Adrian Peterson says he treats HGH accusations as a compliment

Tuesday's health and safety news from the world of sports:

* Minnesota Vikings running back Adrian Peterson said accusing him of using HGH is a compliment, according to USA Today.


"Seriously. Especially with the amount of work I put in," Peterson said. "Guys say that to me, or if I hear someone saying that — it makes me feel good.


"When you know you don't do it, and someone's saying you do, you're like, 'Wow. They think I'm on HGH? I'm doing that good? Well, hoo! Thank you, Jesus!' It's a compliment. I don't get mad about it at all."


* The Las Vegas Review-Journal reported on how the UNLV training staff is taking concussions more seriously.


Staffs throughout the country, from Pop Warner to the NFL, must have a heightened awareness of concussions.


"I think in terms of head injury, our players are far safer than they've ever been in the history of the game," Bobby Hauck said. "I've coached on a lot of staffs with a lot of guys. It's being taught safely, at least everywhere I've been. The equipment's better than it's ever been."


The coach wouldn't allow players to be interviewed for this story, saying he didn't want players targeted by opponents during the season.


UNLV uses up to five sets of tests to determine if a player has a concussion and, if so, the seriousness of the injury.


The first test is a question-and-answer to determine the extent of how he’s feeling. From there, it moves on other types of exams, such as balance, and the results are compared to tests given before training camp begins because each athlete's results are different.


Each type of head injury is different, too, and can affect players in vastly varied ways.


"As the research improves, they're going to have more tests (so) that it's going to be harder for student-athletes to hide the fact they have a head injury," UNLV head athletic trainer Kyle Wilson said.


* Justin Pugh was excited to be back with the New York Giants after missing a week of training camp because of a concussion, the New York Post reported.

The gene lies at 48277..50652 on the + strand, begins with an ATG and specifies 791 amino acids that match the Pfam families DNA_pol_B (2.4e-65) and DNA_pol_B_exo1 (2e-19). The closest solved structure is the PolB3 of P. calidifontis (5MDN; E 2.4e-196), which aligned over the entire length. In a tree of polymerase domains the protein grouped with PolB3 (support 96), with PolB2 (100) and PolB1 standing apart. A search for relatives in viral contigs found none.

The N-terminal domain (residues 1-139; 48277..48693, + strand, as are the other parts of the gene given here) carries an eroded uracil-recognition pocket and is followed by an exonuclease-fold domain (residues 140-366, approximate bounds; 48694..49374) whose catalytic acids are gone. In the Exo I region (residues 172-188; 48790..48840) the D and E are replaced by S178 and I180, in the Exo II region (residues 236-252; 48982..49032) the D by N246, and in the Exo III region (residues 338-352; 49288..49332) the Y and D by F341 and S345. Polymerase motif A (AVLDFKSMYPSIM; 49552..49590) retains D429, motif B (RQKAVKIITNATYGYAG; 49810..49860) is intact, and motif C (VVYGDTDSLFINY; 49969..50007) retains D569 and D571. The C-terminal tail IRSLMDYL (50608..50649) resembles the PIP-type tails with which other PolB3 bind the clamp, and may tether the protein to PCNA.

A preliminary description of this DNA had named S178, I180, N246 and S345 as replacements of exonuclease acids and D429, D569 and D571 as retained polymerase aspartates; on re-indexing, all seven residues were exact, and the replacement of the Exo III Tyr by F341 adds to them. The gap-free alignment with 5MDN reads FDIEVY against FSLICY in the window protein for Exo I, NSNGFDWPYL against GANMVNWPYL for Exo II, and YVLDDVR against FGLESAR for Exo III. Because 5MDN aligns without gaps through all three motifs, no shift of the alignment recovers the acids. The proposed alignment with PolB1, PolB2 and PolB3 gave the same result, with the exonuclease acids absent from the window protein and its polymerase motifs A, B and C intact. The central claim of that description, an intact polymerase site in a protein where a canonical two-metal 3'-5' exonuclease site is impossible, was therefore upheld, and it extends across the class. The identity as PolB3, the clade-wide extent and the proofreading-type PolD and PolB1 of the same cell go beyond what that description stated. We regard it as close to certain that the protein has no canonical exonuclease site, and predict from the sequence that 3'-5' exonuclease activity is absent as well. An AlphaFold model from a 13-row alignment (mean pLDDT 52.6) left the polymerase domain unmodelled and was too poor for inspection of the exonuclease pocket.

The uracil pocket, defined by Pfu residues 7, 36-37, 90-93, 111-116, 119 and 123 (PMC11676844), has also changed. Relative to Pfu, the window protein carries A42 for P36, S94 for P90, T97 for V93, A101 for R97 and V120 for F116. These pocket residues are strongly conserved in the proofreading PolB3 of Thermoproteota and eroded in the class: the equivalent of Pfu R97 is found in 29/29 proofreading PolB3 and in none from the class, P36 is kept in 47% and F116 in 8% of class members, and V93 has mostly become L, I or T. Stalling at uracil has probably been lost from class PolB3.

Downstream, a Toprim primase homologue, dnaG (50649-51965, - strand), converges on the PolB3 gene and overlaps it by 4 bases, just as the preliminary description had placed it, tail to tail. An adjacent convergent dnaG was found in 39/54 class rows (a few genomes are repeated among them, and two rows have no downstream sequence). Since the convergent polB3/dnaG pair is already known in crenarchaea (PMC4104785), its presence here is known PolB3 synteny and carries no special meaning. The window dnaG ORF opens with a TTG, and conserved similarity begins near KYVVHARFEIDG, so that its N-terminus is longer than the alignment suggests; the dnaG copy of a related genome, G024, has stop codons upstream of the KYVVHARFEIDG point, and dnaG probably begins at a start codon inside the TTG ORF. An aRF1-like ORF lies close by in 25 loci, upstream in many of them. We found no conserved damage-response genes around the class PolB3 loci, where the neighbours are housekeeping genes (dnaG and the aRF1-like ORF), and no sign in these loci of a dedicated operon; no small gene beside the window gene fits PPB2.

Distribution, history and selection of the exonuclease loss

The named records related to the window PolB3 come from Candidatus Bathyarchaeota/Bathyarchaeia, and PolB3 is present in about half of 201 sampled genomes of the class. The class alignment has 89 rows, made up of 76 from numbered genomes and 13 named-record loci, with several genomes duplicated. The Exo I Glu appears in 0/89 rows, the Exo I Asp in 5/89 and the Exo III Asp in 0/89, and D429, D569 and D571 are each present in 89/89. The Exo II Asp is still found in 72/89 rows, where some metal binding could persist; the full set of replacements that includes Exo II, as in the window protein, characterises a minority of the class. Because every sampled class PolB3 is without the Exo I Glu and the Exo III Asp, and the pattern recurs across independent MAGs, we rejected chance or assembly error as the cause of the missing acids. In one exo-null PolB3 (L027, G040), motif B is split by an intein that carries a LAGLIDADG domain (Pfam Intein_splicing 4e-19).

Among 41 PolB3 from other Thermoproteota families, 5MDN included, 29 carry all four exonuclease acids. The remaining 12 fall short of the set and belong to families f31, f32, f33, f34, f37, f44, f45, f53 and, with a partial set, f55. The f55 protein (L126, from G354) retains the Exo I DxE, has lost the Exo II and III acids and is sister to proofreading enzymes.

* The New York Times profiled a pro football coach's family and how it has adapted to a nomadic lifestyle.

* The Herald Bulletin reported on how the Indianapolis Colts took a break from training camp to hold a Heads Up Football clinic for kids.

* Buccaneers.com reported that thousands of kids received shoes recently because of a program helped by the Tampa Bay Buccaneers.

* KTVK-TV in Phoenix reported on a Casa Grande, Ariz., man who claims his SkullTec helmet insert will reduce impact of football hits to the head by 25 percent.

* The Boulder Crest Retreat for wounded warriors announced that former Pittsburgh Steelers running back Rocky Bleier has joined its honorary advisory board.

* USA Today looked at sports injuries and how USA Football's Heads Up Football program is trying to be proactive in cutting them back.

* WTVM-TV in Columbus, Ga., reported on the state's new Return to Play Act for this upcoming school year.

* The Sheboygan (Wis.) Press published an editorial that said football needs to find ways to make the game safer.

* MLB.com reported that Minnesota Twins outfielder Wilkin Ramirez returned to play after missing 69 games because of a concussion.

-- Bill Bradley, contributing editor

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